Tuesday, April 21, 2009

Happy 4 year Anniversary to the LA Podcasters!

Today I attended the LA Podcasters meetup at the LA Farmer's Market, where it had originally begun. While it was a pretty laid-back, casual gathering, its use now, as it has always really been, was to gauge where we are as podcasters and where our industry is.

When I headed back to the benches near E.B.'s Beer and Wine, I really had no idea how profoundly this meeting would affect me. But in truth, we have all been through a lot. 

The story of podcasting, very similar and parallel to the story of the LA Podcasters, is this: Lots of people get into it at first, then realize that this podcasting thing is actually a lot of work, and drop out. Or realize that the riches are not going to fall from the sky from doing it, and drop out.

So those of us still left standing after four years (and in attendance) included: Tim Coyne from The Hollywood Podcast (and now leader of the LA Podcasters); Dan Klass of the oldest podcast in the group, The Bitterest Pill; two of the Tres Jefes; Bill Palmer from iProng and me (Whispered Pearls and MicheBelz Hollywood).

All along, it seems, the thread we've been following has been: what is this podcasting thing? Where is it leading? Who are we along the continuum? 

And the answer, shocking to me, though it shouldn't be, is simple. Podcasting is where new media is, though old media refuses to accept it. This new world that we are entering, or in, is an inclusive one. One that reflects the sitting around the campfire mentality of old more than the "how fast can I become a celebrity?" mentality that has replaced people's hopes lately.

Those who have veered off of the path along our podcasting travels are those who head in the direction of that fast buck, or even the bucks in general. As you look back over four years of podcasting, you can clearly say that those who self-destructed were of two kinds: those who weren't willing to do the work, and those who sought fame and fortune from it.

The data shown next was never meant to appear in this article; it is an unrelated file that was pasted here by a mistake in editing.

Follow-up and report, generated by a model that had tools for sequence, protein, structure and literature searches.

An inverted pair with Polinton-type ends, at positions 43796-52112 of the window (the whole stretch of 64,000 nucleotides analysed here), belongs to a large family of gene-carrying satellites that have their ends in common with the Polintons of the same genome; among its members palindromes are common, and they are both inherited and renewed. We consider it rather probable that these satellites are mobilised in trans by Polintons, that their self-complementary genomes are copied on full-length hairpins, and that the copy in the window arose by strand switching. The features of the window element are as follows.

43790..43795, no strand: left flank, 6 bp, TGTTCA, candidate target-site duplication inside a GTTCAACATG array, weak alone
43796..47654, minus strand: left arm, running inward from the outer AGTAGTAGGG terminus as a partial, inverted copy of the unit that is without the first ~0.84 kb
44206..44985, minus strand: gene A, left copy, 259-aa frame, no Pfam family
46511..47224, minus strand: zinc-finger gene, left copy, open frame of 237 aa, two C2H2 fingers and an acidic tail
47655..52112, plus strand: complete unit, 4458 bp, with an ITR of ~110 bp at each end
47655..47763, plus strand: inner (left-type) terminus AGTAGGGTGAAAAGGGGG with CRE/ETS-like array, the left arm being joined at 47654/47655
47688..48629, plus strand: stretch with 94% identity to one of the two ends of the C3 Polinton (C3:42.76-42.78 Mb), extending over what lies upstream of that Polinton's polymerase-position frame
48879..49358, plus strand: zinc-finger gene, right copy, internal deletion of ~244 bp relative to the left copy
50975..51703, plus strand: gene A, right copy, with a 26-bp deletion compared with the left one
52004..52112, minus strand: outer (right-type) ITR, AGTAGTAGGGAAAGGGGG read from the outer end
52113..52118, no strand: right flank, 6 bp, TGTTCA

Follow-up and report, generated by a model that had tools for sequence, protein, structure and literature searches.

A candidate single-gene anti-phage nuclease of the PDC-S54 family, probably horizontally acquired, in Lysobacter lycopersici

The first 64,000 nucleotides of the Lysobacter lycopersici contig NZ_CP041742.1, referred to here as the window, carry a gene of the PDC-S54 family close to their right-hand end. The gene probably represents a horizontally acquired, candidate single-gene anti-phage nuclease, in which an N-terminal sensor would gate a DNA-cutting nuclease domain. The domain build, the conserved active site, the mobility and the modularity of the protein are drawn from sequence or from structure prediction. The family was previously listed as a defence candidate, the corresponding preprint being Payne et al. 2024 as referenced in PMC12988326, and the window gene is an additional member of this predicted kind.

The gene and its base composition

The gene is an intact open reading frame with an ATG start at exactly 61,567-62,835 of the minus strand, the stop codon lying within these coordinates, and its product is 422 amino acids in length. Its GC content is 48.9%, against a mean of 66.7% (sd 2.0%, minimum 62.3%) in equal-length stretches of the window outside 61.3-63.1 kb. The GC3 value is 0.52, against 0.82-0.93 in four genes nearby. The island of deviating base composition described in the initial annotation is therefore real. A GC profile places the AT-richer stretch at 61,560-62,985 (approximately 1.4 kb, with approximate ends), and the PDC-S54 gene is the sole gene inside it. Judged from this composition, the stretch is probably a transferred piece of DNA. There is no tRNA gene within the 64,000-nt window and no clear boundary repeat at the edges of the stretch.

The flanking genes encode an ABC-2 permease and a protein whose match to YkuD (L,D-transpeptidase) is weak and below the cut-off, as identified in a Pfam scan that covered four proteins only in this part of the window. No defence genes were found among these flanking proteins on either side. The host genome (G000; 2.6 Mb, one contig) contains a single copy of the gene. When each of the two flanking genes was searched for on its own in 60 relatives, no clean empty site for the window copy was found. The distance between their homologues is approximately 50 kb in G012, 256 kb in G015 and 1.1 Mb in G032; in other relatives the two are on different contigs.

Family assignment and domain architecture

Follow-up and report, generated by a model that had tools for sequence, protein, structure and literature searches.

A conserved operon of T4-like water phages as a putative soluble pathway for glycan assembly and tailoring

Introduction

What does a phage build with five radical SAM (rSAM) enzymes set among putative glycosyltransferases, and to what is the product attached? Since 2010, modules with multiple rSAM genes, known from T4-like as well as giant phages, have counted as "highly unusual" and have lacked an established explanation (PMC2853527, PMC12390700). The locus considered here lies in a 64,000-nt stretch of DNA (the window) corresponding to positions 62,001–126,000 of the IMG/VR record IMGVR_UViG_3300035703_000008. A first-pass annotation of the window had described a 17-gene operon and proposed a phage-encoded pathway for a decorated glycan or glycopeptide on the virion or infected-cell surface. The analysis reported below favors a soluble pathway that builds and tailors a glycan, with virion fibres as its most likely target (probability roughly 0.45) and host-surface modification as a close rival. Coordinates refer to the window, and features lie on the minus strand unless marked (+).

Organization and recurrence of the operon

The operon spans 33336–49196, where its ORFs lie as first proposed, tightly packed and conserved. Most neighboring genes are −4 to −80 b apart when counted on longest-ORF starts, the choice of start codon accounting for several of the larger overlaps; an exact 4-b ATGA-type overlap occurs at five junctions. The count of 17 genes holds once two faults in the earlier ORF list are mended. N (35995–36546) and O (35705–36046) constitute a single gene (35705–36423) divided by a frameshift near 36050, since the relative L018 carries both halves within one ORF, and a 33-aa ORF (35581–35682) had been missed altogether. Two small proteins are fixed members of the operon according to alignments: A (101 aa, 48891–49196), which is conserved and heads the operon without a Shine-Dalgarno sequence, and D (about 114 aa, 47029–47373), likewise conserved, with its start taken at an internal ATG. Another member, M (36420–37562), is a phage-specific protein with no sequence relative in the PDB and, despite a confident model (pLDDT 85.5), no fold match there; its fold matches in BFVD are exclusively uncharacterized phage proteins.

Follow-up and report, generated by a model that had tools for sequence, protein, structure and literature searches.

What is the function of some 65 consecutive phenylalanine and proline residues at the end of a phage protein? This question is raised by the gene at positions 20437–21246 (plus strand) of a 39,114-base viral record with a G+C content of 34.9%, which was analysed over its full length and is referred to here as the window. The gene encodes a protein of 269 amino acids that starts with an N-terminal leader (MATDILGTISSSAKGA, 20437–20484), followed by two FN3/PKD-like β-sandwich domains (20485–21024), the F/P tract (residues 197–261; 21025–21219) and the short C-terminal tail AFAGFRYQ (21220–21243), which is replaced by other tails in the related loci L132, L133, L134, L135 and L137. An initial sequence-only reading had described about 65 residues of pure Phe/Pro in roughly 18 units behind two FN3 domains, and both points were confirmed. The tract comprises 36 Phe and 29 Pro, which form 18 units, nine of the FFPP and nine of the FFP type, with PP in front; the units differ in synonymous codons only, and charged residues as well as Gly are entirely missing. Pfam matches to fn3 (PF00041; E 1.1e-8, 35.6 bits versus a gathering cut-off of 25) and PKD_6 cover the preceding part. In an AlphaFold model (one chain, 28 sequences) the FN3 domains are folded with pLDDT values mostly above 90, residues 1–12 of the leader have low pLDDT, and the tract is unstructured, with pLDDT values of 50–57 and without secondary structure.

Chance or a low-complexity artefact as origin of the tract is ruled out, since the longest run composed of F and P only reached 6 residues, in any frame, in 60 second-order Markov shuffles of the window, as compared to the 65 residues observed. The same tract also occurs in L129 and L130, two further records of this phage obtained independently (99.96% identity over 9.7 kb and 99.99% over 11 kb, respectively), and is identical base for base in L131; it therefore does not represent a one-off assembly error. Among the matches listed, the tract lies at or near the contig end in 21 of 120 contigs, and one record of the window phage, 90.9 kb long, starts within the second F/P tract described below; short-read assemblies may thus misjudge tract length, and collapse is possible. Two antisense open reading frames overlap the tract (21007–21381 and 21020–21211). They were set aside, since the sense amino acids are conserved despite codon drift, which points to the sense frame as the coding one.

I consider myself neither famous nor making money from my podcasts (although I do make some, it's not a livable wage). And yet, I'm still here, doing it.

The thing about the get-rich-quick schemes is that it's an old business model. I think it's one of the ways that causes old media to flounder when they look at the new media on the Internet. "So how do you make money at this?" they say, and have said since 1992, while their own industry dies around them. And to them, $$$$ is the bank they make after decades in their industry of choice (newspapers, magazines, TV, radio).

There isn't that kind of money to be made right now in podcasting. But is that a reason to stop doing it? Does that mean it's not successful?

We shall see who the ultimate victors are in this nascent industry. All I do know for sure is that those people at that table tonight podcast because they LOVE it. They podcast because they have to. They podcast because they have something to say, and, if you ask me, say it quite well. Slow and steady wins this race, and I'm proud to know all these guys and be a part of this group.

Sunday, April 12, 2009

My roommate and I were chatting about the online experience. I was trying to get her to enjoy Twitter as much as I do, or at least understand what it's really all about. (She still doesn't.)